Tom Casady said...

8:43-

Yes, there will be those 8 Friday games since 2000, and maybe a couple of weekday bowl games.

Anonymous said...

I know that when I was a waitress working football Saturdays the tips were always better when Nebraska won. Unless we were playing a Texas team at home; those Texans always tipped well whether they won or lost.

I know it's off subject, but I always thought it was interesting.

Lorimor said...

I'll go with alcohol sales for $200 Alex.

Anonymous said...

I agree with 0612 about the alcohol consumption. I probably would add illegal drugs to that equation too. As for Zen's comment, way off base. Women's violence is a serious problem in this country. It isn't the case of women seeking sympathy. It is them seeking help. In my life experience, I have found that many times the woman is just as sick as the man dishing out the abuse. Why would I say that? Why would anyone stay in a situation like that day after day? Not only putting themselves at risk but law enforcement, children, etc. As for comparing us to other countries, I say compare ourselves to the standard we want to live up to as a society. Once we start comparing ourselves to other countries, we get into "at lease we aren't as bad as them" mentality. I would like to see the results of this study. It is a very good question. However, there are other factors too. Such as gambling. What if the person bets on more than one team and the Huskers win but the rest of his teams lose? Can't really get data on that.

Anonymous said...

I wonder if The O St. Prophet would have had anything to say about this issue, or if he confined his repertoire to "peace, love, and total nuclear disarmament". I did hear him rant about football on occasion, but never a word on DV.

Zen said...

A woman, singular, seeks help. A national advocacy/lobbying organization does women, plural, a disservice by perpetuating the idea that they are oppressed. My mother was abused in two marriages-neither situation presented itself until a few years after she married. She didn't need some rep from NOW telling her that she was oppressed, so go vote for fair wages. It had about whoopty-doo an effect on her daily life. Women's right organizations only exist as long as they are needed, so everything remotely negative becomes an affront to women while real serious cases get neglected because they are not politically feasible or relevant.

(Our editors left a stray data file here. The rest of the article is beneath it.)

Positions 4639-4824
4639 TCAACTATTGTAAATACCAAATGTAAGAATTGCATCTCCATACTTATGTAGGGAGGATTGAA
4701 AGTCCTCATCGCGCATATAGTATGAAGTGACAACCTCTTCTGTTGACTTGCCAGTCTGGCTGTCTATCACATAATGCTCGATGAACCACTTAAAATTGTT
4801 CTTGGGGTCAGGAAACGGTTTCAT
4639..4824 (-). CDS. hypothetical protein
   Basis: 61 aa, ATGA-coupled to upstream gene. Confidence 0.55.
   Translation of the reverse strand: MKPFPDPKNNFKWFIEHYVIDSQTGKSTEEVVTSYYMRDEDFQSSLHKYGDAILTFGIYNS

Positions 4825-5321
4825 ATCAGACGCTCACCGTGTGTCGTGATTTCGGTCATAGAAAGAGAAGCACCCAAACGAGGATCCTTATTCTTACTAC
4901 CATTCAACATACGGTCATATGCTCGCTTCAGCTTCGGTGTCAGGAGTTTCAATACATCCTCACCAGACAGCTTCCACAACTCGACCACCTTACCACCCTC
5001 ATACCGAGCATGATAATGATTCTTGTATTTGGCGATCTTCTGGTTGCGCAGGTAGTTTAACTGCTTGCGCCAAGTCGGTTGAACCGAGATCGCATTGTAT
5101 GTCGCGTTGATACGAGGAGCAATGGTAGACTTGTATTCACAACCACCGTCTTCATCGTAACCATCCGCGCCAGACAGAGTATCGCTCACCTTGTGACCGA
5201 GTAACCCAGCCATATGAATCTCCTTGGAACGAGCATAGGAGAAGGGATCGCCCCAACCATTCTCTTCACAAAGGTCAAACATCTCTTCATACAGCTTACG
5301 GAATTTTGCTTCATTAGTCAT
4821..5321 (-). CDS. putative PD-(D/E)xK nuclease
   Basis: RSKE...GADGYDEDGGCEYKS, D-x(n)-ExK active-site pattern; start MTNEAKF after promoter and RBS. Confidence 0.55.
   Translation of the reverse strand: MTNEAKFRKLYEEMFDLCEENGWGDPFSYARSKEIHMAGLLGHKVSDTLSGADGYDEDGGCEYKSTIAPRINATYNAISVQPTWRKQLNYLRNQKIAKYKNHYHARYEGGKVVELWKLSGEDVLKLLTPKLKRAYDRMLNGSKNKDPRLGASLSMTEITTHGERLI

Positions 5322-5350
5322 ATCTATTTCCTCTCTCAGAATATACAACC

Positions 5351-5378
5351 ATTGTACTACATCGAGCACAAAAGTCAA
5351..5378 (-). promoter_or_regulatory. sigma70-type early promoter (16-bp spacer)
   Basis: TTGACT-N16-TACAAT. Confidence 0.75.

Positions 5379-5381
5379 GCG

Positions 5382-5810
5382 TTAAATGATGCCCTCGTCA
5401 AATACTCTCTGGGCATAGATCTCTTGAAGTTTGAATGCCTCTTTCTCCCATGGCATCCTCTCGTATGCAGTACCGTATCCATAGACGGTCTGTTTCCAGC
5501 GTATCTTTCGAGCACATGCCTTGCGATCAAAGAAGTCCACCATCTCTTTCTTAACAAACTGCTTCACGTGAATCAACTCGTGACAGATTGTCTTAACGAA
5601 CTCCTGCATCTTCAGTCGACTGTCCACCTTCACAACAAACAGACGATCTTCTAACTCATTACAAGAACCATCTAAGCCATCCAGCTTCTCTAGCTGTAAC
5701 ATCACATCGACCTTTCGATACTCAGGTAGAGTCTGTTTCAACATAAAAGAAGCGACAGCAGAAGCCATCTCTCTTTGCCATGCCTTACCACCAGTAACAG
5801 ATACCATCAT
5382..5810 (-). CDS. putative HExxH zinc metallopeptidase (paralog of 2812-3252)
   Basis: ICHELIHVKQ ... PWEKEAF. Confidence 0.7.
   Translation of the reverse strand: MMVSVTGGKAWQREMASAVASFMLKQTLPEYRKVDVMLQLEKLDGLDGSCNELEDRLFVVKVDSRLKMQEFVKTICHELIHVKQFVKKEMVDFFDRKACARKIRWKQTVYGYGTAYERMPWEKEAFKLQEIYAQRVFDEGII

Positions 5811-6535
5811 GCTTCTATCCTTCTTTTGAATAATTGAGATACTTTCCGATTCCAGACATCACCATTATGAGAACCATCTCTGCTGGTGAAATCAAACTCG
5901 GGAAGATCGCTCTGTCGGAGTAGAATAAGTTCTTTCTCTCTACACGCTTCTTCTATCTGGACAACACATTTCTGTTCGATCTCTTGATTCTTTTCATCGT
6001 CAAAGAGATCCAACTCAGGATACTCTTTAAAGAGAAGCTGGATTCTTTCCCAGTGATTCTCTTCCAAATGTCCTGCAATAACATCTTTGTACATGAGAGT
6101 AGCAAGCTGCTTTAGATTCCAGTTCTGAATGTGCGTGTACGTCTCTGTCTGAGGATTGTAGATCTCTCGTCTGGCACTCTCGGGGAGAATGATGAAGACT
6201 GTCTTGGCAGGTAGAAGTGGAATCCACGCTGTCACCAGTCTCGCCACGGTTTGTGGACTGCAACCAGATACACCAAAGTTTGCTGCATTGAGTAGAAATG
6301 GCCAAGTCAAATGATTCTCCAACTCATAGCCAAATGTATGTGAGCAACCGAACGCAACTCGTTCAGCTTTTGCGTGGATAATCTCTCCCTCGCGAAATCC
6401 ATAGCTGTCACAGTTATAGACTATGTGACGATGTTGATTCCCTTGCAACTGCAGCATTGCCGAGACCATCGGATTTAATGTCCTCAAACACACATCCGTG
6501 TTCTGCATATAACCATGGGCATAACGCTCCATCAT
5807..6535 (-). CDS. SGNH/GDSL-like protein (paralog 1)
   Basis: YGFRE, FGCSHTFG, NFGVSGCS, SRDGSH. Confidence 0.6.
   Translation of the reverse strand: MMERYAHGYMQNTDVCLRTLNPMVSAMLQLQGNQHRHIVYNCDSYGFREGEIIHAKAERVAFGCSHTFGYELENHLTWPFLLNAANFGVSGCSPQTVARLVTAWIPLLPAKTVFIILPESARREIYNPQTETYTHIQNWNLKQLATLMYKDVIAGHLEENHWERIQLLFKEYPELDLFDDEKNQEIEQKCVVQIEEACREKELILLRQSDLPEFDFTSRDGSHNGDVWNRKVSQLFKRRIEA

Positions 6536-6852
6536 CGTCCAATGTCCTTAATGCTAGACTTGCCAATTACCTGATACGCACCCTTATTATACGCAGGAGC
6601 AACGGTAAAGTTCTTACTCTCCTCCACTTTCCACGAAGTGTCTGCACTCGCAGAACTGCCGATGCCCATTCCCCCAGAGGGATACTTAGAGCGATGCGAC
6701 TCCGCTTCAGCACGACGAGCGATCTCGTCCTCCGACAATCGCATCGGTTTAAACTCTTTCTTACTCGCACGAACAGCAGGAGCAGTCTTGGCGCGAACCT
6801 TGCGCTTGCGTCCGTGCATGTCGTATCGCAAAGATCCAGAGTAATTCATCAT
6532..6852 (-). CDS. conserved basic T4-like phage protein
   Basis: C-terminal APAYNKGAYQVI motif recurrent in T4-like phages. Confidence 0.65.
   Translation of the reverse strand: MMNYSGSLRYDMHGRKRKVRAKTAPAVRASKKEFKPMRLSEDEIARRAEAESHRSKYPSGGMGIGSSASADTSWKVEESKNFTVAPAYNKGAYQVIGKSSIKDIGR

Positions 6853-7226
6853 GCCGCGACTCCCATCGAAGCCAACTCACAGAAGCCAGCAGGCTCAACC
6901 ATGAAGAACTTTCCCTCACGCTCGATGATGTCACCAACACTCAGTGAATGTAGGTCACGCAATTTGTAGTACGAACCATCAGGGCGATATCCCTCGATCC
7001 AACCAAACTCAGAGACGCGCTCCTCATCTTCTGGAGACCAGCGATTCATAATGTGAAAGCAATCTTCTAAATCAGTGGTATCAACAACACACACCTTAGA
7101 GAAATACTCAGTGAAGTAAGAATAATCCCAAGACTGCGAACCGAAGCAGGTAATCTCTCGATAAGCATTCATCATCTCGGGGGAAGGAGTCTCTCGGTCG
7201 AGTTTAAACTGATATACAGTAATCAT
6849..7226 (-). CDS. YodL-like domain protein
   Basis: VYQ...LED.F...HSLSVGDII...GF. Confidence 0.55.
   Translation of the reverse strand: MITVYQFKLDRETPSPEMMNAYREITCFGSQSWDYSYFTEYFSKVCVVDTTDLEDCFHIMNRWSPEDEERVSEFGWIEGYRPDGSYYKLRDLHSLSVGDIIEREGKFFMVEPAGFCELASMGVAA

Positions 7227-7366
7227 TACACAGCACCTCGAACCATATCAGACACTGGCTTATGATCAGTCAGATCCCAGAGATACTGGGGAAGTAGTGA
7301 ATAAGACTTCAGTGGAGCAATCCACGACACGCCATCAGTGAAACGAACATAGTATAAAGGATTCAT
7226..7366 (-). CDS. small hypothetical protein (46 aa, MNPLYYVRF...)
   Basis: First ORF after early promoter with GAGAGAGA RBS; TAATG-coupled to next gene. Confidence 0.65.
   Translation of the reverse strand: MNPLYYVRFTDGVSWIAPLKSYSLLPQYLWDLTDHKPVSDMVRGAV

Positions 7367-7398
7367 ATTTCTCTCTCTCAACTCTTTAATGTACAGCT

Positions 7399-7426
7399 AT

Murph said...

Tell your intern to have a look here:

http://www.snopes.com/crime/statistics/superbowl.asp


The cites are at the bottom of the page.

Murph said...

Yeah, I suck. I didn't actually notice your second link was to MY link. You can delete either or both of these comments, or leave them up and allow the world to revel in my idiocy.

Tom Casady said...

Murph:

You're funny! Great minds think alike.

James said...

The Home Office has done some great research on the possible link between sporting events and domestic violence. See "Lessons Learned from the Domestic Violence Enforcement Campaigns 2006" at http://www.homeoffice.gov.uk/documents/Domestic-Violence-10731.pdf